Dedicated to classics and hits.

Saturday, March 09, 2013

Little Women (1868) by Louisa May Alcott

Winona Ryder plays Jo March in the 1994 film version of Little Women

Book Review
Little Women
by Louisa May Alcott
p. 1868-69

Guide to 19th Century American Literature

Book Review: The Awakening by Kate Chopin ,1899,  9/26/13
Book Review: The Adventures of Huckleberry Finn by Mark Twain, 1885, 10/15/13
Book Review: The Portrait of a Lady by Henry James ,1880 , 7/16/13
Book Review; Ben Hur by Lew Wallace,1880  6/13/13
Book Review: Little Women by Louisa May Alcott,1869, 3/9/13
Book Review: The Marble Faun by Nathaniel Hawthorne 1860, 9/19/12
Book Review: Uncle Tom's Cabin by Harriet Beecher Stowe 1852, 9/12/12
Book Review: The Blithedale Romance by Nathaniel Hawthorne,1851, 5/30/12
Book Review: Moby Dick by Herman Melville 1851, 8/27/12
Book Review: The House of the Seven Gables,1851,  6/21/12
Book Review: The Pit and The Pendulum  1842, 3/28/12
Book Review: The Purloined Letter by Edgar Allan Poe, 1844, 3/27/12
Book Review: The Fall of the House of Usher by Edgar Allan Poe, 1839, 3/20/12
Book Review: The Last of the Mohicans by James Fenimore Cooper, 1826, 6/18/12

  I've known what photograph I was going to use to illustrate this book review: Winona Ryder playing "Jo March" in the 1994 film version of this immortal classic.  Little Women is most certainly both a CLASSIC and a HIT- with all the modern meanings of those terms: plays, films, remakes, sequels, sales measured in hundreds of thousands, international media attention.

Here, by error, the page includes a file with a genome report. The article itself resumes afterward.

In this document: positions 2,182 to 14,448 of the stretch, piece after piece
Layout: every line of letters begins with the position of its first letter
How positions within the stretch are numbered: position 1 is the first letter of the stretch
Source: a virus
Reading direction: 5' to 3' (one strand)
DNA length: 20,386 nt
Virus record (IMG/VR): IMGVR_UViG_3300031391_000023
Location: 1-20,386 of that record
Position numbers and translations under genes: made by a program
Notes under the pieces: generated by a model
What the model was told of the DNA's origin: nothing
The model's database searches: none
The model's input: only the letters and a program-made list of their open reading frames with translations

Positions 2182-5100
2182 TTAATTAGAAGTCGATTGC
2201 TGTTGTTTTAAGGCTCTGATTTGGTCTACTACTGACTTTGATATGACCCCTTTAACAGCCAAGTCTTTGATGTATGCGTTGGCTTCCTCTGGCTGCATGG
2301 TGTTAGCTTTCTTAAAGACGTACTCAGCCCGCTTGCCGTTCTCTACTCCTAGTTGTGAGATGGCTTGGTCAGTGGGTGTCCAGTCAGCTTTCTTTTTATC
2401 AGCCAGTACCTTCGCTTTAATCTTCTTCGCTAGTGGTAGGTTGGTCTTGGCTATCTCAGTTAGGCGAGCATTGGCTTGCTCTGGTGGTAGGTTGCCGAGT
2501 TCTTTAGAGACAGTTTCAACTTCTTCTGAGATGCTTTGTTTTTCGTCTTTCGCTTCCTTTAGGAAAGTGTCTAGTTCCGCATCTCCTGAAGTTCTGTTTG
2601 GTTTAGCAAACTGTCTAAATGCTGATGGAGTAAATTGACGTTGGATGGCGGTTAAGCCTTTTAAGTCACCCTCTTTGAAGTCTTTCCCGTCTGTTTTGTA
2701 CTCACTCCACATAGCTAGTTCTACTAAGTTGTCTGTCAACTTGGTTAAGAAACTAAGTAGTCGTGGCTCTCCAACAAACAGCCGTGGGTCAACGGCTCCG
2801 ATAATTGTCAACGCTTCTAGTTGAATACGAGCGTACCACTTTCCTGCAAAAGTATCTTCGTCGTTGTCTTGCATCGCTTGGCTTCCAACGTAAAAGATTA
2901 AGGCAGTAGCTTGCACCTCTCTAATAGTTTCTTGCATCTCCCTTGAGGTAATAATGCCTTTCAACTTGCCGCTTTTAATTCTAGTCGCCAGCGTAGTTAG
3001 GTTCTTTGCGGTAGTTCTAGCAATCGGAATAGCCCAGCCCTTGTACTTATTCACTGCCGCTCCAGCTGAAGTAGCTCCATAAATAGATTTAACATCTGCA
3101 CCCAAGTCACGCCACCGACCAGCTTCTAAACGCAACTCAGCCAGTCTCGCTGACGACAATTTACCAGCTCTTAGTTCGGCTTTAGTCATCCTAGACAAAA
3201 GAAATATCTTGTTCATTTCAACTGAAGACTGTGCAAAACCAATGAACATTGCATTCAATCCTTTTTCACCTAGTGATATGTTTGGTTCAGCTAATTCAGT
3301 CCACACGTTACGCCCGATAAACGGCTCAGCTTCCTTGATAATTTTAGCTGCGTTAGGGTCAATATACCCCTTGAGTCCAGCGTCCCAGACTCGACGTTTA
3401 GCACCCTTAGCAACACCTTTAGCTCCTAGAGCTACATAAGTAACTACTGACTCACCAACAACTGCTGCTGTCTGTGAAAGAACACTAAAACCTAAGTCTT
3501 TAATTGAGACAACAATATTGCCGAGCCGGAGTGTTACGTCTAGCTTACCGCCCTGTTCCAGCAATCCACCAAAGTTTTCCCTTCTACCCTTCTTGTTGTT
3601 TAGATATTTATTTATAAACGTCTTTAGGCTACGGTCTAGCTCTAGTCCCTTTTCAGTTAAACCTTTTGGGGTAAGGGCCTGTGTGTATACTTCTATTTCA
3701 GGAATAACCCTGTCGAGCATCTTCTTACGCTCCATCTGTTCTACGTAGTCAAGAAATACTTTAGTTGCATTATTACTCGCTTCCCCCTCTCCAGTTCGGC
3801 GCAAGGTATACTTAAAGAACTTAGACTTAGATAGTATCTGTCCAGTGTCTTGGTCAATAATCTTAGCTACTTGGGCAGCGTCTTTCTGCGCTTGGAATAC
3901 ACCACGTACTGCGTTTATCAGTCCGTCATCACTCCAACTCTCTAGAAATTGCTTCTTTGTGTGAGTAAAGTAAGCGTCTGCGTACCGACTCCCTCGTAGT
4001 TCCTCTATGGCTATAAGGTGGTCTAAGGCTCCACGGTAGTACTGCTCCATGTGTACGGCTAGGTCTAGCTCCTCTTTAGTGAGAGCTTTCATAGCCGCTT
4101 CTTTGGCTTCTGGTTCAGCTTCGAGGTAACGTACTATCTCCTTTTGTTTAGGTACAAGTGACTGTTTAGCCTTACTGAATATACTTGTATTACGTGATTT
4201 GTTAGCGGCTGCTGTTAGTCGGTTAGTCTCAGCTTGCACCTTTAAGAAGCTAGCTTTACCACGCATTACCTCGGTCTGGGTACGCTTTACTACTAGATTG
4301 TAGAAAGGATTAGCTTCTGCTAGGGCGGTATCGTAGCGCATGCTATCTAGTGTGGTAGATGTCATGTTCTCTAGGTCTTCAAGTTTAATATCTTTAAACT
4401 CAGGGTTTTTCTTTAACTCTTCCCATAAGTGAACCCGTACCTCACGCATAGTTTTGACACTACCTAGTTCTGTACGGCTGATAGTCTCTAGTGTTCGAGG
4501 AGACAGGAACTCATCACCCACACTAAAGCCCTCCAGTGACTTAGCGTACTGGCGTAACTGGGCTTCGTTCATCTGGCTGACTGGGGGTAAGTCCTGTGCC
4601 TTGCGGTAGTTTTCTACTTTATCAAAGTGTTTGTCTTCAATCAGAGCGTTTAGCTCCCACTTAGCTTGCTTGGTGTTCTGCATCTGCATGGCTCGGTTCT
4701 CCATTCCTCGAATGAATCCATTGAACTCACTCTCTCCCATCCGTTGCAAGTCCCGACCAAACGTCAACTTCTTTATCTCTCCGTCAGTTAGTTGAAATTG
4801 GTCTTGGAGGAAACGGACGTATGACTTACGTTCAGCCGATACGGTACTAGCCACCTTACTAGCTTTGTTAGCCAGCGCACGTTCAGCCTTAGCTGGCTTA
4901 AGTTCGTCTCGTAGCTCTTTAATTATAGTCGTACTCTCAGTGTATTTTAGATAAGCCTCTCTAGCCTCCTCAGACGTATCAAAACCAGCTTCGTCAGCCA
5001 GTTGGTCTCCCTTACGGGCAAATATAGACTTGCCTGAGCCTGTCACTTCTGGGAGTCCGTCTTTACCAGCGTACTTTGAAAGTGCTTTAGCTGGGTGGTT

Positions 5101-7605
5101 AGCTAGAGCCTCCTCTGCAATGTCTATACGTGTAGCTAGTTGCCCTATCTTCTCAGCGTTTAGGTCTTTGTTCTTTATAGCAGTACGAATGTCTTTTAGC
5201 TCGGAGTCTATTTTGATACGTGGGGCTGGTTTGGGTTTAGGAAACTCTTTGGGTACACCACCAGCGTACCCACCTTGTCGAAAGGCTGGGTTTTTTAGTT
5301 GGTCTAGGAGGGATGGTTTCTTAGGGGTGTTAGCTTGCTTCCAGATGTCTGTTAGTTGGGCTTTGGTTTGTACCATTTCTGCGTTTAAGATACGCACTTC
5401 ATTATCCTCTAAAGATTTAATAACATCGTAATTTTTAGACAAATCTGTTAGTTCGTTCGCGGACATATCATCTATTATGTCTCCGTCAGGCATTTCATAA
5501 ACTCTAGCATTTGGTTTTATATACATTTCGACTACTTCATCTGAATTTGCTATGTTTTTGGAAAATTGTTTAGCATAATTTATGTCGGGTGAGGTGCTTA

And while reading Little Women wasn't particularly fun, it's impossible not to admire the craft of what Louisa May Alcott put together and sold to an adoring public.  On the surface, Little Women is a tale about four sisters growing up during and after the Civil War: three marry, one dies and the character of Jo is essentially the "main" sister.

  The "adventures" such as they are closer to the era of Frances Burney and Ann Radcliffe than to Jane Austen and the Bronte sisters, but Alcott had a supberb grasp of different literary idioms and manages to integrate literary devices that constitute an encyclopedia of 18th and 19th century Novelistic techniques.  Alcott throws in epistolary dialogues, picaresque travelogues of exotic locations (Italy), a healthy dose of sentimental fiction, and a detailed description of quiet domesticity that track more closely to the proto-literary modernism of George Eliot.  And it all added up to a huge, monster, gargantuan hit.

 Did you know that Alcott wrote like seven sequels to Little Women?  And that she never had another hit?  And that people make another film or tv version every few years?


Susan Bailey said...

I enjoyed your analysis, shows how much reading you've done. I am an Alcott devotee but have not done a lot of reading outside of her works so it's helpful to see this. Alcott read like crazy and it obviously shows in her writing.

I blog on Louisa if you'd like to come over and visit. The website is I have several posts devoted to Little Women that you can find a link to on the menu item called "Her Writing."

catdirt said...

first actual non spam comment in six months! didn't know people still left them. what's up with jo being a lesbian though? i think i left that out of the review.

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